The recent increase in open houses within the Springfield area is being welcomed as a good sign for those looking for a new home.
Not so long ago, homes were often sold before these events were scheduled.
a Report from the Greater Springfield Realtors Commission The residential real estate market in the Greene, Christian and Webster counties area continues to move at a fast pace, but is not at the level of a year ago.
With limited inventory and high interest rates, fewer homes are sold and tend to stay on the market a little longer.
“The market is doing well, and we’re continuing to do well on both the sales and pricing side. If you look at the average number of days in the market… sales are slowing down a bit,” said Jeff Kester, CEO of the 2,800-member Realtors Commission. “For member agencies and consumers, it’s not necessarily a bad thing.”
There were 622 home sales last month, and 770 in June 2022. The average number of days on the market jumped from 10 days a year ago to 21 days in June 2023.
Recalling last summer, Mr. Kester said a home sold on average in just 10 days and “no one has time to breathe.”
“It’s an average, so we know half are less than 10,” Kester said. “Open houses and such are postponed.”
Last month, average days on the market were 20 for Green, 22 for Christian and 32 for Webster. A year ago, Greene & Webster had just 10 days, and Christian had 11.
Aaron Wilken, office manager and broker at Leith Nichols Real Estate in Springfield, said affordable homes in certain price ranges sold quickly.
“It’s been crazy the last couple of years. We didn’t even stay in the market long enough to have very few open houses,” he said. “The market is still very good, with very low inventories at certain price points.”
In recent years, Wilken said, it was not uncommon for brokers to put homes up for sale on Fridays and then immediately set up open houses on Sundays.
“They will have an open house on Sunday, but will tell all potential buyers that they will consider the offer on Monday or Tuesday,” he said.
“They were still doing open houses, but in most cases, even if you put the house up for sale on Monday, it probably won’t be in time for Sunday.”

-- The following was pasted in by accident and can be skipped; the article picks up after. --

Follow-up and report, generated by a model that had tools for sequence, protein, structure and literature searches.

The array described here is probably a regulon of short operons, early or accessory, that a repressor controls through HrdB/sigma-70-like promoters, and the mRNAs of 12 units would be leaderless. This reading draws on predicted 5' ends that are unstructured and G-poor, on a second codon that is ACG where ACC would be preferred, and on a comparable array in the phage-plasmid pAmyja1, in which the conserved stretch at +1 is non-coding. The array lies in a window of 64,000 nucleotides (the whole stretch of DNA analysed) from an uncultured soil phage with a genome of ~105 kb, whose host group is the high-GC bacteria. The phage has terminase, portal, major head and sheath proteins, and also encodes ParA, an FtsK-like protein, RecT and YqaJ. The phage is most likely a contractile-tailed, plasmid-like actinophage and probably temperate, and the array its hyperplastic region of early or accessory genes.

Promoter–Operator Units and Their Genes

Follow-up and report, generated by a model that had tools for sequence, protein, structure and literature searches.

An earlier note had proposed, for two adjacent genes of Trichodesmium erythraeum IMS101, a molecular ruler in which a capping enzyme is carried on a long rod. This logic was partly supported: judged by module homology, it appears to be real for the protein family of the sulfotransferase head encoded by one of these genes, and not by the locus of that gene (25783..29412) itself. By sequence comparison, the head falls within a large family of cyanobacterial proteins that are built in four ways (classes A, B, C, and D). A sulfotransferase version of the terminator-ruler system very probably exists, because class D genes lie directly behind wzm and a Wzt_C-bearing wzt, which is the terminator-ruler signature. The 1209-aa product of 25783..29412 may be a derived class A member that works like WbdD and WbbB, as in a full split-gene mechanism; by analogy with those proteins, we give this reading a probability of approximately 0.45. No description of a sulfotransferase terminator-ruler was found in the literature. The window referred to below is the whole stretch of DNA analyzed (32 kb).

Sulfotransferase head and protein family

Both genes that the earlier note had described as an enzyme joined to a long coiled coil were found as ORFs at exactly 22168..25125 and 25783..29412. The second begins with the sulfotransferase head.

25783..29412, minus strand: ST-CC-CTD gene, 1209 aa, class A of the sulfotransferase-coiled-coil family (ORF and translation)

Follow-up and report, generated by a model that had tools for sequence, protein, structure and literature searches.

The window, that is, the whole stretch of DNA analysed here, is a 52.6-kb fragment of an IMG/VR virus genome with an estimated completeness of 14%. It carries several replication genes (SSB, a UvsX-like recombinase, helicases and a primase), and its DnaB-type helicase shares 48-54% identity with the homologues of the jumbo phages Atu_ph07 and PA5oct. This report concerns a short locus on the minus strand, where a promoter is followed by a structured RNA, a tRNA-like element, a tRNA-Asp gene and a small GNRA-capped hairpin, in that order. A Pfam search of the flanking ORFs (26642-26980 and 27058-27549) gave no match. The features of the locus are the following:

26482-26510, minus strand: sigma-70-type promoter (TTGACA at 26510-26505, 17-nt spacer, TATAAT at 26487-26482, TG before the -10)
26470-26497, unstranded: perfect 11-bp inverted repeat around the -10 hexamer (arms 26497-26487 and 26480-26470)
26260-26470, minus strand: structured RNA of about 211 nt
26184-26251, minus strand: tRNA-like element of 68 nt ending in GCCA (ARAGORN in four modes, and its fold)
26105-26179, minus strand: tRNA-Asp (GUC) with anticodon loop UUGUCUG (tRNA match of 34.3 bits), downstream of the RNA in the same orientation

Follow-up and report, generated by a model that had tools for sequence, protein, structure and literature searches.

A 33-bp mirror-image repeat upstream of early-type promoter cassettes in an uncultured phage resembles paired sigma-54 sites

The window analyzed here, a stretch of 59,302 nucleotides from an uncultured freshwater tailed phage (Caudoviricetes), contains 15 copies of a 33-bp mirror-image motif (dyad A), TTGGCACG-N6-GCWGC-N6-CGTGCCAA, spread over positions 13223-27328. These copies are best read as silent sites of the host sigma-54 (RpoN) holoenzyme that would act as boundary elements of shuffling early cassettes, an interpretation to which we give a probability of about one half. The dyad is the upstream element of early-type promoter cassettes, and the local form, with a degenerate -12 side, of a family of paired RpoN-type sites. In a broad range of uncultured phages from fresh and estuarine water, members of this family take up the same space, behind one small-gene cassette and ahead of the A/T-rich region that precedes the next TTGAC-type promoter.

In the first six months of 2023, 2,856 homes were sold in the three counties, down from 3,592 in the same period last year, including 1,967 in Greene County, 694 in Christian County and 195 in Webster County.
“Little in stock” at certain price points
Wilken said homes priced between $100,000 and $400,000 continue to sell well, but “we have very little inventory.”
“Once you’re in the $500,000+ range, it’s still selling well, but with a little inventory, you’ll have some options,” he said.
There were 465 single-family homes available in Greene County this week, according to the Realtors Commission. At various points in the last decade, that number has more than tripled.
When asked why inventory is so low, Wilken said there are many reasons.
“Part of the reason is that construction costs have skyrocketed so quickly that it’s no longer possible or difficult to build a house for $250,000,” he said. “Rising interest rates have been a factor in many people buying or refinancing their homes over the last few years.
Last month’s median sales price in the three-county area was $274,900, up $9,512 from the same period in 2022, according to the Realtors Commission.
The median selling price for greens was $250,000, little changed from a year ago. Christian and Webster witnessed an even bigger jump.
The Christian’s median selling price rose $15,366 to $329,900, while the Webster’s rose $51,500 from a year ago to $282,000 in June.
Board Chief Executive Kester said the terms “buyers’ market” and “sellers’ market” are outdated. The current goal is to have a “balanced” market.
“If you calculate the number of homes currently on the market by the home sales rate, how long will it take to digest all those homes if no new ones come to market? Generally speaking, a balanced market inventory is about six months,” he said.
“For the last two years, our inventory has been about one to two months’ worth of inventory.”
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Kester said the market was still “very stable” but there was a constant stream of interested buyers who were recently married, recently divorced, had a new baby or had been burglarized.
He said despite a slight slowdown in the local homebuying scene, low inventory could make finding a suitable home a long time.
“The reason fair-priced properties don’t last long in the market is simply because there are so many potential buyers and potential buyers waiting for them,” he said.